Almost a year ago, I wanted to add chickens to the homestead, mostly for eggs and the compost they generate, and RT asked that I also raise some meat birds, that he would do the deed and butcher them. I didn’t know that they couldn’t be raised together, that the layers would brutalize the slow heavy meat birds and that the meat birds couldn’t get up in the coop. I also learned to be careful when buying birds. My first chicks were day old chicks from two different Tractor Supply stores and there were lots of young cockrells in the first chicks. Then I bought two from an animal swap that were both supposed to be pullets, one is my big rooster Cogburn. I bought half a dozen from a local gal that was on Backyard chicken forum, she swore she didn’t know their genders and all 6 were cockrells (I’m sure she laughed all the way to the bank with my $30). I got two more pullets, Buff Orpingtons like Cogburn and decided that they would be the heritage breed that I raise. RT came in late spring and we put all the cockrells except Cogburn, the meat birds that survived and a couple of pullets in freezer camp. It was not a pleasant task, but I participated to the extent I could tolerate. The rest of the flock continued to mature as I looked forward to the eggs they would produce later in the summer. In August, I raised a second brood of day old meat chicks, this time in a chicken tractor that RT had build for me during the summer, keeping the laying flock and the meaties apart and in October, they were dispatched to freezer camp with a higher lever of my participation this time, though I still find it very unpleasant.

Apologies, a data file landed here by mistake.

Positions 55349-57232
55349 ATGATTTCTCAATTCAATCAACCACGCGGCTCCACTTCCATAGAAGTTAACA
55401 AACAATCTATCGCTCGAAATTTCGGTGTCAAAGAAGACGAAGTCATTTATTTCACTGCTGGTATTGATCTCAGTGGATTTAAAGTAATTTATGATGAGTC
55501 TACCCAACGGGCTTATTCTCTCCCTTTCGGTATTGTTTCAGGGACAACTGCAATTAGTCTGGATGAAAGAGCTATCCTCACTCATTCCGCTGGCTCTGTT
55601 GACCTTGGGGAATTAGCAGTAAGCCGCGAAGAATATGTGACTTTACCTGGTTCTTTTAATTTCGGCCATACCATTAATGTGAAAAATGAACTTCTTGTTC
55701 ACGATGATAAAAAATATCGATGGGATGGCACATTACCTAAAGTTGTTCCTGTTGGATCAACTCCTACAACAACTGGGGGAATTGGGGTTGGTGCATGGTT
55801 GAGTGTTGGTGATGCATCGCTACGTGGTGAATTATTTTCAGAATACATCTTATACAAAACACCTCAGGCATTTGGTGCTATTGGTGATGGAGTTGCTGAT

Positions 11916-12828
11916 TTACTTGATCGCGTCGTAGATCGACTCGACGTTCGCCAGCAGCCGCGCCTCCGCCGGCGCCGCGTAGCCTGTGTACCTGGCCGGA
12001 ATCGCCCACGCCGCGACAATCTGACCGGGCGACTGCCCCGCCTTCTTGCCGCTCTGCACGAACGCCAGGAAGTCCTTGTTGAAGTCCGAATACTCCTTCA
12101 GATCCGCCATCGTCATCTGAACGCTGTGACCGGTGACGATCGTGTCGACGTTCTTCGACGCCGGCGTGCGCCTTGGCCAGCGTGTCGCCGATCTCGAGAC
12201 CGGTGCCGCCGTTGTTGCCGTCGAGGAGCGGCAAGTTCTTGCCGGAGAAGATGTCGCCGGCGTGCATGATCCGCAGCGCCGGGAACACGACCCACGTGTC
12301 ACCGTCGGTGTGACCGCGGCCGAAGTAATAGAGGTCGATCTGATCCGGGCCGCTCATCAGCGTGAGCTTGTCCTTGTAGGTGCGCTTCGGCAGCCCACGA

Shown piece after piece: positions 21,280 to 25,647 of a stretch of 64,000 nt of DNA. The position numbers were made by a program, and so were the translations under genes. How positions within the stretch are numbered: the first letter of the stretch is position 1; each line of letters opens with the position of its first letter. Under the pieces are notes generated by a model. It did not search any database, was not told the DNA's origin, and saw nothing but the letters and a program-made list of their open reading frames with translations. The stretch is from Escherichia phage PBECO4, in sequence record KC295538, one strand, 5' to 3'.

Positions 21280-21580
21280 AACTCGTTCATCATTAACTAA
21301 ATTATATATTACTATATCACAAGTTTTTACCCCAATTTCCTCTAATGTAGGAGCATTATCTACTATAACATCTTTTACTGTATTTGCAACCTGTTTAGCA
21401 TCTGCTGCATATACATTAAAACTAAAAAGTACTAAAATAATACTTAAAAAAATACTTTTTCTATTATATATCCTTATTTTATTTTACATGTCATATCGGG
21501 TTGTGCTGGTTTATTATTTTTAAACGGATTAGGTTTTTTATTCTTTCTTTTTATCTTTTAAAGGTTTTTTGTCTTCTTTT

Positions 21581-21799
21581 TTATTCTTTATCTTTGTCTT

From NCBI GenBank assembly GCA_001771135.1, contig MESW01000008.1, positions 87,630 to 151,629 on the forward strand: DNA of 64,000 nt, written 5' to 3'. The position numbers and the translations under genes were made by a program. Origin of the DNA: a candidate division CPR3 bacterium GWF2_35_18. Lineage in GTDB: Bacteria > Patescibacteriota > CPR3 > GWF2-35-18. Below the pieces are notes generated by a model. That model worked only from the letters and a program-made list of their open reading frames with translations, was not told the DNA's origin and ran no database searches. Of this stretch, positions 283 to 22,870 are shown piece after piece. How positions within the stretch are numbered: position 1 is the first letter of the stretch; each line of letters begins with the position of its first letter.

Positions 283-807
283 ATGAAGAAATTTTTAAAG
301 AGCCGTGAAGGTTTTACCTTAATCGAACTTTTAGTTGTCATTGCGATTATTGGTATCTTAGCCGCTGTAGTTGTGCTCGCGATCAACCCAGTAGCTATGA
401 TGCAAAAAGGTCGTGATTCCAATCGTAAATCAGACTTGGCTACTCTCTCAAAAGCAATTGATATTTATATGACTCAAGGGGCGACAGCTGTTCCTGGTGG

Around August, the layers, one by one began producing eggs and everything I read said that I needed to increase their calcium intake so I purchased oyster shell to offer to the hens that wanted it, then had an Ah Ha moment when I read to feed their egg shells back to them. Some sources say to just remove the membrane from inside the shell, wash, dry and crush. Others say the shells must be baked. I have learned that there is no right way to do anything, that you do what works best for you. My hens get their shells back with the membrane removed and heated in the microwave for 2 minutes, then crushed. I learned not to totally clean out their coop weekly, but put a thick layer of straw inside and turn it daily, adding more when needed. This starts a composting inside the coop which provides winter warmth and surprisingly it doesn’t smell, then thoroughly clean and scrub the coop out come spring and good weather. I have been told to keep the chickens in a secure run with chicken wire buried to keep digging predators out, but that idea doesn’t work here as it is difficult to even hammer in a post without hitting a rock in this county and alternately to let them free range. I prefer the free range method, but there are too many dogs, coyotes, hawks, etc in the area to totally do that, so they are in a pen, not too secure, inside the orchard that has electric fence around it, but they usually get a few hours of free range time each day when there isn’t snow on the ground. And I have learned that I want a pure flock of heritage birds that can self sustain, no more brooders in the garage for baby chicks.
This has been a learning experience, lots of instruction, usually contradicting someone else’s instructions. So far, we are producing most of the vegetables we need, we have lost only 2 very young chicks and no adult birds that we didn’t harvest (hope I didn’t just invite a pack of predators), have purchased and learned to use a tractor with brush hog, bucket, and auger (still haven’t gotten the hang of the plow), have planted an orchard, a berry and grape supply, landscaped with plenty of perennials for summer cut flowers and love the mountain farm life.
Next up we add horses and cattle and hope that goes as well.
Life is good on our mountain farm.